Recently, I was asked what it took to build a startup in Houston. It has taken me three attempts to create a successful startup, and there were a few things that I wish I'd known right out of the gate.
Whether your goal is to exit through a sale, an IPO, or turn your team of pirates into something that looks like a company, your business model will determine how you earn revenue and profits, and you want it to be repeatable and scalable to survive. With that in mind, here are the things I've learned along the way and what I wish I had known before I started my career as an entrepreneur.
Location does matter
Houston is great for food, sports, and massive rainfall, but it's difficult to find a large pool of talented full-stack software engineers who speak cloud. I recruited some of the best, but it was incredibly difficult to find them compared to markets like Austin, Denver, and San Francisco.
I've seen successful companies build two separate offices, one for a headquarters, and another for development, but for us, we didn't need to build a massive team, so we remained close to customers in Houston and hired a remote team in California. If you need to build a large engineering team, consider a different city or go remote.
Startups have well-defined phases
Your startup is not a snowflake. There have been thousands upon thousands of entrepreneurs that have succeeded and failed, and a few people have studied them to understand their histories and roadmaps. I wish I learned from them before I began, instead of spending every waking hour building a product, and competing with development time for research.
Looking back, we followed the same trail taken by many other B2B startups, like: Product-market fit, sales optimization, customer success, marketing focus, and eventually scale. It's important to know which phase you are in, who you need to hire in each phase, and most importantly, how your role changes in each one.
Partner roles need to be well understood
One of largest factors on your probability of success is your team. When choosing your partners, I would suggest using an odd number of people to break stalemates, and to always have a CEO. One person needs to be in charge of execution, I can tell you first hand that committees do not scale well when you need a high velocity of decision making.
When choosing your team, make note of Cal Newport's research on career capital, which is the rare and valuable skills that one can leverage help your startup succeed. If your friend knows how to code or understands databases, ask yourself if he/she is the best in their class, because these are skills that you can hire for or contract out. The traits that accelerated our success were a unique blend of domain expertise, petroleum-specific software knowledge, deep business development expertise, and strong sense of diligence and commitment, which is what became our culture.
Finally, you and your partners need to know what needs to be done, and how you can individually contribute. Your contributions will change in each phase, and each of you need to understand how your roles will change, and be prepared to adapt quickly. If one of your partners writes the first line of code, doesn't mean they'll be the CTO when you have 150 people, the person that makes the first sale may not be the CRO when you have a 30 person salesforce. For those with a large ego, it's one of the hardest things to accept, but must be acknowledged in order for a team to succeed.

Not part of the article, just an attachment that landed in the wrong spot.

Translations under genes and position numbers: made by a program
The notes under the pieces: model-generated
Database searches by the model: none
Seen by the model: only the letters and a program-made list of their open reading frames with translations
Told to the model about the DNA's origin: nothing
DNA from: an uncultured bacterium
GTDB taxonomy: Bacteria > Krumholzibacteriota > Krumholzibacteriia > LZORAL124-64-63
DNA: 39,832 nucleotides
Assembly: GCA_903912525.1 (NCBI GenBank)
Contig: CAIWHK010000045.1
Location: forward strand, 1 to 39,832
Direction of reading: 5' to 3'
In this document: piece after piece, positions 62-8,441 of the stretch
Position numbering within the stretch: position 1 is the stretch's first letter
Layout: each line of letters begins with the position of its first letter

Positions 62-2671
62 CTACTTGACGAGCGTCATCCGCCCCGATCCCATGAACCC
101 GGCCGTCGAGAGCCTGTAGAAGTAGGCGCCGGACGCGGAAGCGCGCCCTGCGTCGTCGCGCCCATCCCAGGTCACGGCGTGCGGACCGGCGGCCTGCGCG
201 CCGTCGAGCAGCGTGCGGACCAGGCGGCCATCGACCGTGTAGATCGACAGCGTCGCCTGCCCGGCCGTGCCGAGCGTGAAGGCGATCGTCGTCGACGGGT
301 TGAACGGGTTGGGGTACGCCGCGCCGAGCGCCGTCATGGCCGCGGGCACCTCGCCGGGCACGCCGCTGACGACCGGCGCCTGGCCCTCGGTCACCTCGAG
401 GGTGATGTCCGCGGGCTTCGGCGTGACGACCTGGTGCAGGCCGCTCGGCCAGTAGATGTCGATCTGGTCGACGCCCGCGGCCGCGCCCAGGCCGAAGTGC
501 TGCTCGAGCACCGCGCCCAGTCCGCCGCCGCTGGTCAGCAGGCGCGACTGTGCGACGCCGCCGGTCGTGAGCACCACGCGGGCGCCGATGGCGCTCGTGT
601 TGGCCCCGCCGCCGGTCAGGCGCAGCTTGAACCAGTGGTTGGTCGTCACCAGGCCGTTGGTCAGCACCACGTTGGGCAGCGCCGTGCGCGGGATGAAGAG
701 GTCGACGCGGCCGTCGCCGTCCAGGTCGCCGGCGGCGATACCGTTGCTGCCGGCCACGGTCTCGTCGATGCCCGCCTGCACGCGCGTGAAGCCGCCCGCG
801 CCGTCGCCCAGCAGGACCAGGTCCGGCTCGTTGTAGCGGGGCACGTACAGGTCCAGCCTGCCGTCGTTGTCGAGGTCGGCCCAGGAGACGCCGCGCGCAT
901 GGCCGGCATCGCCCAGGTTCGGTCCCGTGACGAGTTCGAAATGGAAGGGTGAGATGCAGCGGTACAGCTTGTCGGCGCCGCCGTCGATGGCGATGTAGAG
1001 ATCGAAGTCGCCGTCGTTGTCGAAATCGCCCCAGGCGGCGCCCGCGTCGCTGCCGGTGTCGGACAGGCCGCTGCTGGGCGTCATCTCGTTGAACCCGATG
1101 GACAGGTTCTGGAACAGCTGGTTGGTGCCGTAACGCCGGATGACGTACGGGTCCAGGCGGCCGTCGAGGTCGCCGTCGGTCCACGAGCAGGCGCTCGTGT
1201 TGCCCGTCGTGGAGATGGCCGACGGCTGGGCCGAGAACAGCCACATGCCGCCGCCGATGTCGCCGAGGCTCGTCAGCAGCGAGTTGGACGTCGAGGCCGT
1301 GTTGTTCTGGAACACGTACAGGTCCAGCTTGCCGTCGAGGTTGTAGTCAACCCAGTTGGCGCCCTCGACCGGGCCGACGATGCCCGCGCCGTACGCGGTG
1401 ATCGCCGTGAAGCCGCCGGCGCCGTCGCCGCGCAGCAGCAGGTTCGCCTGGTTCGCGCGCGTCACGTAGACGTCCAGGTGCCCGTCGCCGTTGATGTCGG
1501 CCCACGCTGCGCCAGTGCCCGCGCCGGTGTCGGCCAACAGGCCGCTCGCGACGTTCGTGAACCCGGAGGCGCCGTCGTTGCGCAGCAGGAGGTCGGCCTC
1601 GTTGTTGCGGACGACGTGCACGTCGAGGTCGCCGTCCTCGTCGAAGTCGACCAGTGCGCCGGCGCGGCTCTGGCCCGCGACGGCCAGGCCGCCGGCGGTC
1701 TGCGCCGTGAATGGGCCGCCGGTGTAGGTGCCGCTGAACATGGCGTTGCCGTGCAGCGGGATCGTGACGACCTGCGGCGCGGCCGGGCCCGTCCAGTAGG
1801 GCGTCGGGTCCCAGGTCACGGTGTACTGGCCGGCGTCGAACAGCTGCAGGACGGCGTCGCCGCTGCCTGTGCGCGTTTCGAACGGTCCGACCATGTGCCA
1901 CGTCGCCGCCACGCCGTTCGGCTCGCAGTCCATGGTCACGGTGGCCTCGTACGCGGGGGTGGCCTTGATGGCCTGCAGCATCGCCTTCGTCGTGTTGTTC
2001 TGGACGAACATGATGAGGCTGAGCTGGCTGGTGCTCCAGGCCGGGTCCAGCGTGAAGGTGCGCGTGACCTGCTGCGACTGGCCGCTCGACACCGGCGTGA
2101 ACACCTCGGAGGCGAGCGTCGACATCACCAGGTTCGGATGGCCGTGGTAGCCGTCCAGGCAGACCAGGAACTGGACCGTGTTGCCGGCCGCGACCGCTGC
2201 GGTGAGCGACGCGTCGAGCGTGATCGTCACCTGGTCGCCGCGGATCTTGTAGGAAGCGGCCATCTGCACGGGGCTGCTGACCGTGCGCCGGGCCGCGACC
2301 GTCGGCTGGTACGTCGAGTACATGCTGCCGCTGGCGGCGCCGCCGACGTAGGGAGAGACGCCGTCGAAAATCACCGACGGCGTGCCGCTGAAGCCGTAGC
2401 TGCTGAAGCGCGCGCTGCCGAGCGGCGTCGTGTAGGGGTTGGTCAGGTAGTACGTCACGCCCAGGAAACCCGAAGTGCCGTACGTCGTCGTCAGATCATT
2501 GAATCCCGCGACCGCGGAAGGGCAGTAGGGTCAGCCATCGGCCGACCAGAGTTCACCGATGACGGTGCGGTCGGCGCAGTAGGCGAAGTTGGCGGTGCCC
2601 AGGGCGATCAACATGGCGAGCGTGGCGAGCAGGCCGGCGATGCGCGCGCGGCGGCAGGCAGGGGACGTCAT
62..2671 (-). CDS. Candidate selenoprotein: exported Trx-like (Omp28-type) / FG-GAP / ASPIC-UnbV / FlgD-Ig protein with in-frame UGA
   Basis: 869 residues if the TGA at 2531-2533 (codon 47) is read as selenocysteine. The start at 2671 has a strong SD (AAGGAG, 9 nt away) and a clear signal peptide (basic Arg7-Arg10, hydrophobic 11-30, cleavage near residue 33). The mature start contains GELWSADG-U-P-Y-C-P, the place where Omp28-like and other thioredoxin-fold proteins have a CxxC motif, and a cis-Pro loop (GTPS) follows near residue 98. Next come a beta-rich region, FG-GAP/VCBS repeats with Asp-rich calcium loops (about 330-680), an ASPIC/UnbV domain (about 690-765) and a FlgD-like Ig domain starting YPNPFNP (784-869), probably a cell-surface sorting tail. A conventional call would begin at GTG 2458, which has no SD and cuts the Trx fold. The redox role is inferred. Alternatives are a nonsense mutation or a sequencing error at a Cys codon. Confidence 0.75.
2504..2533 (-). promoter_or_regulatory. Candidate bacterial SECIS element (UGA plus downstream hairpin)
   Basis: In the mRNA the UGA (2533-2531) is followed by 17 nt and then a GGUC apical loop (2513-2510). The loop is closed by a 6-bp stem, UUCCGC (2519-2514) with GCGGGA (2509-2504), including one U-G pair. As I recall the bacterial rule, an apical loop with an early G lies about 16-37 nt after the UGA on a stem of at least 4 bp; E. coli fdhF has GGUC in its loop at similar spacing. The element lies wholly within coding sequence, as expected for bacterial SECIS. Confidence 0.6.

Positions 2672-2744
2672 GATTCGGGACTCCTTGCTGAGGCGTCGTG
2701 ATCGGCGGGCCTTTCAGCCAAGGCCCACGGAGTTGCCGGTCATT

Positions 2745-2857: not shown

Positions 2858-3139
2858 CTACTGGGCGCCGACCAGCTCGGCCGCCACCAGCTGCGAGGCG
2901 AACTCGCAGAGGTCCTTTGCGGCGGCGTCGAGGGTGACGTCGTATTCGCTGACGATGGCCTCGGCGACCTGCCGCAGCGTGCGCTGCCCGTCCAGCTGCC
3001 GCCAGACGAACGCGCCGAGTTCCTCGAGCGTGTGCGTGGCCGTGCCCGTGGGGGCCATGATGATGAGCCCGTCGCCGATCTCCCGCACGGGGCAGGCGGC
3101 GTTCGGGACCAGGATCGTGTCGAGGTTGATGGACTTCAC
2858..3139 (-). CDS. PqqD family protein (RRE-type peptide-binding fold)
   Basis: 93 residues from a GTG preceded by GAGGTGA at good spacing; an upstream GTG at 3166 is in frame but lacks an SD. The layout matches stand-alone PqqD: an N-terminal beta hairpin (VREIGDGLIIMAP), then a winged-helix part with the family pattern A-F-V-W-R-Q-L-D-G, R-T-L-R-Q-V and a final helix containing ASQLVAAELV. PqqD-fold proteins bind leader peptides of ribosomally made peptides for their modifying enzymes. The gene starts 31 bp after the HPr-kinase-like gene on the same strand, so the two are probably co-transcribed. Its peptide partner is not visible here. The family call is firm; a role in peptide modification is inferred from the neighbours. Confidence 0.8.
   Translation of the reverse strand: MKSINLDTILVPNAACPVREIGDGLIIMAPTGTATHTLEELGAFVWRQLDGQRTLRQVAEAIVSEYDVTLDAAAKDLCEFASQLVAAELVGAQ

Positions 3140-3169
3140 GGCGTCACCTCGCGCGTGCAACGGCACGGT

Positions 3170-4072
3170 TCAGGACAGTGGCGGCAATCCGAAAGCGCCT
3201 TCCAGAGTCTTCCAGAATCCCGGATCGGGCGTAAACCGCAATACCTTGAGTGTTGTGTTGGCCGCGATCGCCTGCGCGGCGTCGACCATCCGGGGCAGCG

Your idea is probably wrong, but that is okay
We used agile and lean philosophies to build our organization, and our approach was centered around what Steve Blank calls "customer discovery," the understanding of how to find a product-market fit. These methods subscribe to the hypothesis that successful startups are defined by their team's execution, and not the idea alone. We ditched our first idea after two weeks and pivoted to a new one, and we learned from our customers very quickly and created over 115 prototypes in 10 months before making the first sale. Each group of customers saw a different prototype, and each beta-tester used a different design, a different stack, a different user experience. We had to learn quickly. Agile and lean processes helped us iterate quickly and discover what our customers needed, but a highly skilled team was needed to figure out how to use the processes correctly.
Connect with others who have made it
Success is a multi-variate formula that compounds every good and bad decision unequally. If you don't know the answer to a key decision, your team can help, if they don't know, then find another team that has navigated your trail to provide advice.
In Houston, there are not many teams who have been through this, we leaned on help from the Austin network. I'm a big believer in helping the community of entrepreneurs, and I am more than happy to throw down the rope to help others in their ascent.
Money is your oxygen
Lastly, learning to hold your breath isn't a long-term strategy for deep sea dives. You'll need to know how many months of oxygen you have in your bank account at all times. There is no magic number of months for runway, but I can tell you from experience that three months is too little for oil and gas tech startups, especially when OilCo's take three to six months to sign and pay your invoices.
I can't emphasize how difficult starting a company can be. By reflecting on the points I mentioned here, I believe that I would have avoided some pitfalls, and maybe even made it a little farther in the journey.
James Ruiz is the founder of Houston-based Q Engineering, a data driven solutions company for E&P professionals.